For 179 patients (74%) test results were negative. For 91% (n = 10) of tested newborns no pathogens were found, while only 55% (n = 11) of tests for patients over 64 years were negative. In the winter (November-March), in 84% (n = 59) of the stools no pathogens were found. No differences were found for men and women. When a patient was tested because of reassurance, more often no pathogens were detected (n = 37, 88%).
The positivity rate of tests for bacteria was highest in the summer months (57% of all tests for bacteria yielded a positive result in weeks 21 to 36). For viruses, positive test results were too rare to study a relationship with season. For parasites no relationship between proportion of positive tests and season was observed.
Prescription of antibiotics
Laboratory results of patients who had received antibiotics, 2001 and 2002 combined
Number of patients (% of patients who had received antibiotics)
No pathogens detected
Giardia lamblia a
For 12% of the patients consulting their GP with an episode of gastroenteritis a stool sample was requested and tested for enteric pathogens. The duration, followed by severity of complaints or a visit to a specific, high-risk country were reported as the main reasons to request laboratory diagnostics. Tests were requested most often in summer months and in February. Campylobacter, Salmonella, Shigella and Yersinia were most frequently included in the stool tests, and Campylobacter was detected most often in patients (14%).
Requesting stool tests
The IID-study team performed a similar study in England . They found that 27% of the patients consulting their GP had a stool test performed. In that study, GPs were not asked why they requested the diagnostics, but clinical considerations were thought to play the most important role (and not surveillance purposes). In the Netherlands, a more reserved testing policy is pursued than in the United Kingdom, what could explain the lower percentage of patients with a stool sample request. In addition, gastroenteritis patients in the Netherlands visit their GP less often for an episode of gastroenteritis (5% vs. 17% in UK) [2, 7]. Comparing the Netherlands to the United States and Canada, again the number of stool samples tested was relatively low: 9.1 per 1,000 inhabitants (average 1996–2001) , 16.8 per 1,000  and 14.9 per 1,000 , respectively.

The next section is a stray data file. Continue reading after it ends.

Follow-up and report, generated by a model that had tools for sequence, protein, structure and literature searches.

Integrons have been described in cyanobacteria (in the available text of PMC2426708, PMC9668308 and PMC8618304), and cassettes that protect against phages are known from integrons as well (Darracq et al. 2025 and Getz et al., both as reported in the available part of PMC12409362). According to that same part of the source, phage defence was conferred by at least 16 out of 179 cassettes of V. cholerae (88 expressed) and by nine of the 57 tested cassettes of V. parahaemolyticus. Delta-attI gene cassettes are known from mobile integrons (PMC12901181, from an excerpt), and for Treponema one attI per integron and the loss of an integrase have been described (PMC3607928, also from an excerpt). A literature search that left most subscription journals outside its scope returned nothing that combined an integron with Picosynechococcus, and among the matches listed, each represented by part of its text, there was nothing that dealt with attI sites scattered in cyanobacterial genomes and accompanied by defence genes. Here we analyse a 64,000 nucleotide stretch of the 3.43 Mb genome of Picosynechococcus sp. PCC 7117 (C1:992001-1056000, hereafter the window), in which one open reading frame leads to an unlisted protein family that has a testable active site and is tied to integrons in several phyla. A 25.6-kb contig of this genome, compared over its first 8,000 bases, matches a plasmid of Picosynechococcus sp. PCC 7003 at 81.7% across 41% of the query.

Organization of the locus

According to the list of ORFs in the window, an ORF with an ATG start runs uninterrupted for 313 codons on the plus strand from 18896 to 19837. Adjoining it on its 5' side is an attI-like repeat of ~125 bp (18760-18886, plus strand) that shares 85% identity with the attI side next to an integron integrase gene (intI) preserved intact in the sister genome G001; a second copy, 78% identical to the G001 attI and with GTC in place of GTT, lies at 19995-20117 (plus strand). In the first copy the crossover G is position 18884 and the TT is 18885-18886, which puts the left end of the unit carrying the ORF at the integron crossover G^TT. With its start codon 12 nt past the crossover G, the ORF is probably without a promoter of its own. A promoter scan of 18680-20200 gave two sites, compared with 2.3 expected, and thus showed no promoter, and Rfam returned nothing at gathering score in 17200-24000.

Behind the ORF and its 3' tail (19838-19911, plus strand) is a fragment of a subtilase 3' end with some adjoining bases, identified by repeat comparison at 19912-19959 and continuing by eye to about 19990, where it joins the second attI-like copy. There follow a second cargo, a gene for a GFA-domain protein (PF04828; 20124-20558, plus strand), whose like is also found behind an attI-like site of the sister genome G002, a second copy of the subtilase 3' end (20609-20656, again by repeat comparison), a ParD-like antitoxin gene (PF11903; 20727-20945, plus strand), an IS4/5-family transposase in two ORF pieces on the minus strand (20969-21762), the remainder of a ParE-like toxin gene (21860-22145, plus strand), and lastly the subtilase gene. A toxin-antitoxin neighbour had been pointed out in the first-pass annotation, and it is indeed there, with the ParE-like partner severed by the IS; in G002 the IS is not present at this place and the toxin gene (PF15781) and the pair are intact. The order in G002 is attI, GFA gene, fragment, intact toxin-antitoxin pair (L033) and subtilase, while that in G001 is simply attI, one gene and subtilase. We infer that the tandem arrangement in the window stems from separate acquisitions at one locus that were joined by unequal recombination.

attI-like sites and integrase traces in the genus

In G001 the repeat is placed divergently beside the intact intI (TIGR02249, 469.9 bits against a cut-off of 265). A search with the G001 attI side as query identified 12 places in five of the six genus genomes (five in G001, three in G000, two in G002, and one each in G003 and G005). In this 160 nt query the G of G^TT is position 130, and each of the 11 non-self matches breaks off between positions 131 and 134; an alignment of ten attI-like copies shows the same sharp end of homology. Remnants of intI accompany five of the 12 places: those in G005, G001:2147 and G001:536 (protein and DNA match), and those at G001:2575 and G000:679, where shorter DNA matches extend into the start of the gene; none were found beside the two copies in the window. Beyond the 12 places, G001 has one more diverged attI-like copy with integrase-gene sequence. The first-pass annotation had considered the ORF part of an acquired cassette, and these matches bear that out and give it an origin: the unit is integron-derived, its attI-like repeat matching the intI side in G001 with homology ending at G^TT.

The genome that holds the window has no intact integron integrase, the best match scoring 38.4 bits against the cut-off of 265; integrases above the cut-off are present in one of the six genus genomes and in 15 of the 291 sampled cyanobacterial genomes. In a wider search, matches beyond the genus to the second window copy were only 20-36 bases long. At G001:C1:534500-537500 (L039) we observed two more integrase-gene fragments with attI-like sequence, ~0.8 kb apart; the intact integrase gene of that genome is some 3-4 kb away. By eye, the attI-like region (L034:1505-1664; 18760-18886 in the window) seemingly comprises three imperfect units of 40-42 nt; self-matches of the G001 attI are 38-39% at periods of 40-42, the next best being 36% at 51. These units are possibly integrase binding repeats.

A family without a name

Fourty-four percent of the physicians in a survey in the United States had requested a stool culture for the last patient seen with acute diarrhoea . This survey also included physicians specialized in internal medicine, emergency medicine and pediatricians, what might be one of the explanations for this higher percentage. Referral of a physician's patient by another provider increased the likelihood that a stool culture was requested. In this study, recent travel to a developing country, duration of diarrhoea more than 3 days, bloody stools and a diagnosis of AIDS were associated with a stool-culture request, quite similar to the factors observed in our country, although we had no information whether patients were diagnosed with AIDS. When, among others, physician speciality and reference from another provider was controlled for, travel to a developing country no longer was associated with a stool-culture request. It is unknown whether the survey included the peak of travel in the summer months. In another survey in the United States of patients in the general population, only 21% of patients reported that a stool culture had been requested . The difference with the study of Hennessy et al.  is thought to result from recall bias and respondents in the general population may have thought that a stool culture request would be the desirable answer.
In the Netherlands, the national GP guidelines for patients with acute diarrhoea  state that uncomplicated cases can be dealt with by a phone consultation by a GP assistant. This GP assistant's advice lowers the number of patients visiting the GP and by that the number of stool requests. Besides, in the Netherlands, there is a relatively restricted antibiotic policy. Elucidation of the pathogen causing the gastroenteritis is therefore less important, since it does not always affect patient's treatment.
The guidelines the GPs are provided with by the Dutch college of GPs  state that stool samples should be obtained of patients with severe gastroenteritis only (in connection with possible hospital admittance) and that they should be tested for Salmonella, Shigella and Campylobacter. In practice, for only 22% of the patients the severity of the complaints was given as the reason for testing. These patients were hardly tested more often for Campylobacter, Shigella and Salmonella. Test results in these types of stools were relatively more often positive for Salmonella, Shigella and Campylobacter, supporting these current guidelines.
Yersinia was rarely seen in patients with gastroenteritis , and is not recommended as a routine by the guidelines. Nevertheless, it was among the most common tested pathogens in this study.